Quote 5

[Each] day mankind and the claims of mankind slipped farther from him. Deep in the forest a call was sounding, and as often as he heard this call, mysteriously thrilling and luring, he felt compelled to turn his back upon the fire, and to plunge into the forest. . . . But as often as he gained the soft unbroken earth and the green shade, the love of John Thornton drew him back to the fire again.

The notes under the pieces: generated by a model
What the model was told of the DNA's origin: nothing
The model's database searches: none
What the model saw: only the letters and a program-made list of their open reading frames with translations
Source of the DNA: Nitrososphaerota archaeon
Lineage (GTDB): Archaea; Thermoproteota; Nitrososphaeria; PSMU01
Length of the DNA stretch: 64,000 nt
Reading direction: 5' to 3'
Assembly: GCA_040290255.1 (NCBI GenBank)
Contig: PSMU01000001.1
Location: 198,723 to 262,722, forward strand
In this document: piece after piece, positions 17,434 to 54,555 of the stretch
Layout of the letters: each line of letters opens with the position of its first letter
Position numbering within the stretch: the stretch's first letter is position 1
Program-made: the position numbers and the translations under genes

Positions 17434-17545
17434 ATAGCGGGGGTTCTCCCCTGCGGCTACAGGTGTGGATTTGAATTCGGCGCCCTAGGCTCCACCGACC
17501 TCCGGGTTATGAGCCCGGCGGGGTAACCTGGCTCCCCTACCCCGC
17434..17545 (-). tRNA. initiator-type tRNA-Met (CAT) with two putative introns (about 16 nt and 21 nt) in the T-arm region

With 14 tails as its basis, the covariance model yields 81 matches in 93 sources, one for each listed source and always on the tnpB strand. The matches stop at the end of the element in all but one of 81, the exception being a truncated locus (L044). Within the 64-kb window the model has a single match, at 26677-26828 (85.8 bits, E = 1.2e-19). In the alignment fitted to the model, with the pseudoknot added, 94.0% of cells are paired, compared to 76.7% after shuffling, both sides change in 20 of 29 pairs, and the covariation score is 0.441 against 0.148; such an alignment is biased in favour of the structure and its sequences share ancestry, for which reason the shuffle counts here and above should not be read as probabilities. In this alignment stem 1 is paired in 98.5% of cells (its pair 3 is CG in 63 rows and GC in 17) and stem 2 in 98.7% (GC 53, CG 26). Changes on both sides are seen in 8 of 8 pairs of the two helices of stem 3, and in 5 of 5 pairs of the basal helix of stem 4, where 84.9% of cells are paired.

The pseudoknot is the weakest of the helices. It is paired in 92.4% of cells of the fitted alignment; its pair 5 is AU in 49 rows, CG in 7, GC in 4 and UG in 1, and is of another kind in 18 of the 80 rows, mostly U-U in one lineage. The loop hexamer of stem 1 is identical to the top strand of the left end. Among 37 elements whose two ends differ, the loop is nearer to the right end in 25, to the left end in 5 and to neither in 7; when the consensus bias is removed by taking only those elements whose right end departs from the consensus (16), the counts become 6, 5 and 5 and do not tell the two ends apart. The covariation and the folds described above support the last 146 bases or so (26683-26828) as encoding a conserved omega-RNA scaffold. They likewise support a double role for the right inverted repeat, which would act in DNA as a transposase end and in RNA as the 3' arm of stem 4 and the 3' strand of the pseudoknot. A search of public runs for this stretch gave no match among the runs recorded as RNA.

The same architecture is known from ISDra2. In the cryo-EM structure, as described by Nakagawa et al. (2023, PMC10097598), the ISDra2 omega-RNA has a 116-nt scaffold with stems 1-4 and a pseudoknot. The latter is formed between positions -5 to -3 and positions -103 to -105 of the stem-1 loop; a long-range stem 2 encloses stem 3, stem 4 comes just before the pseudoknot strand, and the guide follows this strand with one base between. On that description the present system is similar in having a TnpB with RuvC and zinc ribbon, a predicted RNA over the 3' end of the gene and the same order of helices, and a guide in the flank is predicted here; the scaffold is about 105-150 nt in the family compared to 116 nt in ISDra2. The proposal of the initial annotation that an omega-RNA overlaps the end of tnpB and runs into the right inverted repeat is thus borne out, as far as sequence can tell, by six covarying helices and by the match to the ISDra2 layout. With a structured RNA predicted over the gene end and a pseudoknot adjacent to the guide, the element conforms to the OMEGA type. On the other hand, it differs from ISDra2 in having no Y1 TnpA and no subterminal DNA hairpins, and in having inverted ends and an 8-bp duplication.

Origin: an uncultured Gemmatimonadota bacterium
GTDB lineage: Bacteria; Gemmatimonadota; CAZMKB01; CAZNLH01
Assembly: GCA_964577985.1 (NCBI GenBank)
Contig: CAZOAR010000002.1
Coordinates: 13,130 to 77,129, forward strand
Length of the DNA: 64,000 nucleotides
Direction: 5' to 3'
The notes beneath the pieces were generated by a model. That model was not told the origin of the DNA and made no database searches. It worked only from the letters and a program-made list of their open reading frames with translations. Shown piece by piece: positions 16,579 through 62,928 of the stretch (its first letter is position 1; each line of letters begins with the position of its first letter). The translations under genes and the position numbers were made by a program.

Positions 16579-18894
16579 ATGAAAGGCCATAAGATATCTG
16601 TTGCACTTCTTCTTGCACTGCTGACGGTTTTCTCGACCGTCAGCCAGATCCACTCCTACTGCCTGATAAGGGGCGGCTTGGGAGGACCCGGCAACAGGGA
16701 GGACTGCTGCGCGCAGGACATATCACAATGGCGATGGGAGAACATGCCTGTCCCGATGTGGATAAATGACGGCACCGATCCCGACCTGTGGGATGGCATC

This quotation is from Chapter VI, “For the Love of a Man,” and it depicts the tension building within Buck during his time with John Thornton. Thornton is the ideal master, and his relationship with Buck represents a perfect partnership between man and dog. London tells us that this is the first time that Buck has truly loved a human being. Yet, at the same time, it is clear that Buck’s destiny lies in the wild, and so he is torn between the urges that pull him away from humanity and his intense loyalty to Thornton. That love, it becomes clear, is the only thing tying him to the world of men—which means that when Thornton is killed, there is nothing left to hold him, and he embraces his destiny as a wild creature.